Abstract

With the incorporation of targeted therapies in routine cancer therapy, it is imperative that the array of toxicities associated with these agents be well-recognized and managed, especially since these toxicities are distinct from those seen with conventional cytotoxic agents. This review will focus on these renal toxicities from commonly used targeted agents. This review discusses the mechanisms of these side effects and management strategies. Anti-vascular endothelial growth factor (VEGF) agents including the monoclonal antibody bevacizumab, aflibercept (VEGF trap), and anti-VEGF receptor (VEGFR) tyrosine kinase inhibitors (TKIs) all cause hypertension, whereas some of them result in proteinuria. Monoclonal antibodies against the human epidermal growth factor receptor (HER) family of receptors, such as cetuximab and panitumumab, cause electrolyte imbalances including hypomagnesemia and hypokalemia due to the direct nephrotoxic effect of the drug on renal tubules. Cetuximab may also result in renal tubular acidosis. The TKIs, imatinib and dasatinib, can result in acute or chronic renal failure. Rituximab, an anti-CD20 monoclonal antibody, can cause acute renal failure following initiation of therapy because of the onset of acute tumor lysis syndrome. Everolimus, a mammalian target of rapamycin (mTOR) inhibitor, can result in proteinuria. Discerning the renal adverse effects resulting from these agents is essential for safe treatment strategies, particularly in those with pre-existing renal disease.

Original languageEnglish (US)
Pages (from-to)487-499
Number of pages13
JournalTargeted Oncology
Volume10
Issue number4
DOIs
StatePublished - Dec 1 2015

Fingerprint

Kidney
Monoclonal Antibodies
Proteinuria
Acute Kidney Injury
Protein-Tyrosine Kinases
Vascular Endothelial Growth Factor A
Tumor Lysis Syndrome
Renal Tubular Acidosis
Vascular Endothelial Growth Factor Receptor
Preexisting Condition Coverage
Hypokalemia
Cytotoxins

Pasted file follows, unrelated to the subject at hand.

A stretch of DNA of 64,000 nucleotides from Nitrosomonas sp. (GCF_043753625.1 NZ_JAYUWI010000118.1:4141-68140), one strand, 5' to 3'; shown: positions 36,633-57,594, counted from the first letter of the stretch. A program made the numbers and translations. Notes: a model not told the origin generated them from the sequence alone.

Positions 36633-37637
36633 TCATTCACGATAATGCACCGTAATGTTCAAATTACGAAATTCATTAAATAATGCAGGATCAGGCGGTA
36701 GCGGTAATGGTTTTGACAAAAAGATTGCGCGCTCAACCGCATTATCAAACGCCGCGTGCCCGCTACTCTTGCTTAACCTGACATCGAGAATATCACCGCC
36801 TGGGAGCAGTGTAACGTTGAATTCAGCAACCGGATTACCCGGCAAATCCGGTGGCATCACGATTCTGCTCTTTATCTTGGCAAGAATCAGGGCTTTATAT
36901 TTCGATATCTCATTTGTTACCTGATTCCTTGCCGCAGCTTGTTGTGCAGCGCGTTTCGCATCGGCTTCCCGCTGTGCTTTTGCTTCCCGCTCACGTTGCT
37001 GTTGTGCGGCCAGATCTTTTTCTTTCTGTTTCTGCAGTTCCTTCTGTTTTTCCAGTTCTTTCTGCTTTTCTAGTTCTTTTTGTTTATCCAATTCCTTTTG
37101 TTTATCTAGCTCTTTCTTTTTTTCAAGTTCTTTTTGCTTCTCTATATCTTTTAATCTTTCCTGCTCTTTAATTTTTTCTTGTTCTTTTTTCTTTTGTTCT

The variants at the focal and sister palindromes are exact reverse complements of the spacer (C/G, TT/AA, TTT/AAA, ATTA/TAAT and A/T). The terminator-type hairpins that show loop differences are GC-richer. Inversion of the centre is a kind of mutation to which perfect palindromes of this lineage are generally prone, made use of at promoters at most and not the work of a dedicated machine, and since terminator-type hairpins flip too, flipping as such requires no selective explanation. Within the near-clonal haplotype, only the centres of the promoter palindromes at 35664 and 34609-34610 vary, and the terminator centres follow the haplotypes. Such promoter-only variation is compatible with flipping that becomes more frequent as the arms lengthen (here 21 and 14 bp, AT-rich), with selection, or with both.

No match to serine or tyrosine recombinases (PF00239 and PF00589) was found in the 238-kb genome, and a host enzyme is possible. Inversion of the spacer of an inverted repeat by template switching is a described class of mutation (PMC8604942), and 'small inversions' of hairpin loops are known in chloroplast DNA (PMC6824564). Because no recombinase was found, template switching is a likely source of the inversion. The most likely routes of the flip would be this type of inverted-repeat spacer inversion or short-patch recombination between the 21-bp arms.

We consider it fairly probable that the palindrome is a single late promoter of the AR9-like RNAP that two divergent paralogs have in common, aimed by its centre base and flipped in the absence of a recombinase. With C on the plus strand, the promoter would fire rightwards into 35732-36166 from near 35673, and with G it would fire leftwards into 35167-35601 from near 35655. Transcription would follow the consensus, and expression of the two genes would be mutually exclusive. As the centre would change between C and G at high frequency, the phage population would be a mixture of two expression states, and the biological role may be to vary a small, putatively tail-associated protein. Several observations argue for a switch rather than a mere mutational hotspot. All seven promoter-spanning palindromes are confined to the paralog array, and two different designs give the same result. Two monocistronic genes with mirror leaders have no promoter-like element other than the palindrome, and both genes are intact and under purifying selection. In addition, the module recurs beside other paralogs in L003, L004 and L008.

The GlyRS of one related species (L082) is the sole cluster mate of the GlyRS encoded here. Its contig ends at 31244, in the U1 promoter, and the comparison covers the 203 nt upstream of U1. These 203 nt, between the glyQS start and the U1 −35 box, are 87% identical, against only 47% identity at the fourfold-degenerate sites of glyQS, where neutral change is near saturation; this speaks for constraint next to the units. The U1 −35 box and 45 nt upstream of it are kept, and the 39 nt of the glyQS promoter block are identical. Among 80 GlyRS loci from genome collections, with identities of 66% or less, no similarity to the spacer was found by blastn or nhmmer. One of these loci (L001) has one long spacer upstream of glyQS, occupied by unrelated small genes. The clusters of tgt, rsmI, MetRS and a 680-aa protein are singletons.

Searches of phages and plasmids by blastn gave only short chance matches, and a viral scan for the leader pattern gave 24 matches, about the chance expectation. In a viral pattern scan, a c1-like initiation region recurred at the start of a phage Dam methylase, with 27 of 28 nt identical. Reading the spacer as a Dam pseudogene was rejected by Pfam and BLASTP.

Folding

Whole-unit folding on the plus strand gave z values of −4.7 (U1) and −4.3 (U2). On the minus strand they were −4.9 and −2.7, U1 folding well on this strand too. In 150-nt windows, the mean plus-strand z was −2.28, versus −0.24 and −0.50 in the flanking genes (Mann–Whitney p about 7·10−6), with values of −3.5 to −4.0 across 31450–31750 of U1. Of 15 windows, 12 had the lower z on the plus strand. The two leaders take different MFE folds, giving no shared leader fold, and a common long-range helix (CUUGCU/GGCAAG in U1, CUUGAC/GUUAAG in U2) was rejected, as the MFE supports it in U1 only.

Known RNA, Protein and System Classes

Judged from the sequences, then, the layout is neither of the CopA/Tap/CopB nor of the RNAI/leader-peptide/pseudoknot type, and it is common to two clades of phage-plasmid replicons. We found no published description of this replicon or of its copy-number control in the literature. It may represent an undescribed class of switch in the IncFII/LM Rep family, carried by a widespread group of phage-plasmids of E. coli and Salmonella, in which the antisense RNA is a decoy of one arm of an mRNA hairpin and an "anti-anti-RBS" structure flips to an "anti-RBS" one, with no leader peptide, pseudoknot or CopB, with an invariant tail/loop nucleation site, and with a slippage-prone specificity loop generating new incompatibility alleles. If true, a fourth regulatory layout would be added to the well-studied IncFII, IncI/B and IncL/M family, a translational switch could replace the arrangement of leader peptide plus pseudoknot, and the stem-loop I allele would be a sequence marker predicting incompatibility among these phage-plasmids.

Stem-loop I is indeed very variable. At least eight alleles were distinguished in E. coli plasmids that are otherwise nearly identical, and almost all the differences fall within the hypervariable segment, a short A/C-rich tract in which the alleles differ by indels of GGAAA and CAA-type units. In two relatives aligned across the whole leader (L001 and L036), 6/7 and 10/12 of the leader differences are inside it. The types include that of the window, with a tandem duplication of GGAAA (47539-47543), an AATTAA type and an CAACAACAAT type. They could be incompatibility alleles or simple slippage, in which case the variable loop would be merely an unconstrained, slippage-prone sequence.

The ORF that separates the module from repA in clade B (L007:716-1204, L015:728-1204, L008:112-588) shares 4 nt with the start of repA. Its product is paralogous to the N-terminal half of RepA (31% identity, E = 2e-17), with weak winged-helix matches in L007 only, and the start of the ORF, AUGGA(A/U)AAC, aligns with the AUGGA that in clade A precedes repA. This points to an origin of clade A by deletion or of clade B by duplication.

Sirolimus
Therapeutics
Epidermal Growth Factor Receptor
Electrolytes
Chronic Kidney Failure
Hypertension
Pharmaceutical Preparations
Neoplasms

ASJC Scopus subject areas

  • Oncology
  • Cancer Research
  • Pharmacology (medical)

Cite this

Renal Toxicities of Targeted Therapies. / Abbas, Anum; Mirza, Mohsin M.; Ganti, Apar Kishor P; Tendulkar, Ketki K.

In: Targeted Oncology, Vol. 10, No. 4, 01.12.2015, p. 487-499.

Research output: Contribution to journalArticle

Abbas, Anum ; Mirza, Mohsin M. ; Ganti, Apar Kishor P ; Tendulkar, Ketki K. / Renal Toxicities of Targeted Therapies. In: Targeted Oncology. 2015 ; Vol. 10, No. 4. pp. 487-499.
@article{76ed111335a8433199d322b05f5d73cc,
title = "Renal Toxicities of Targeted Therapies",
abstract = "With the incorporation of targeted therapies in routine cancer therapy, it is imperative that the array of toxicities associated with these agents be well-recognized and managed, especially since these toxicities are distinct from those seen with conventional cytotoxic agents. This review will focus on these renal toxicities from commonly used targeted agents. This review discusses the mechanisms of these side effects and management strategies. Anti-vascular endothelial growth factor (VEGF) agents including the monoclonal antibody bevacizumab, aflibercept (VEGF trap), and anti-VEGF receptor (VEGFR) tyrosine kinase inhibitors (TKIs) all cause hypertension, whereas some of them result in proteinuria. Monoclonal antibodies against the human epidermal growth factor receptor (HER) family of receptors, such as cetuximab and panitumumab, cause electrolyte imbalances including hypomagnesemia and hypokalemia due to the direct nephrotoxic effect of the drug on renal tubules. Cetuximab may also result in renal tubular acidosis. The TKIs, imatinib and dasatinib, can result in acute or chronic renal failure. Rituximab, an anti-CD20 monoclonal antibody, can cause acute renal failure following initiation of therapy because of the onset of acute tumor lysis syndrome. Everolimus, a mammalian target of rapamycin (mTOR) inhibitor, can result in proteinuria. Discerning the renal adverse effects resulting from these agents is essential for safe treatment strategies, particularly in those with pre-existing renal disease.",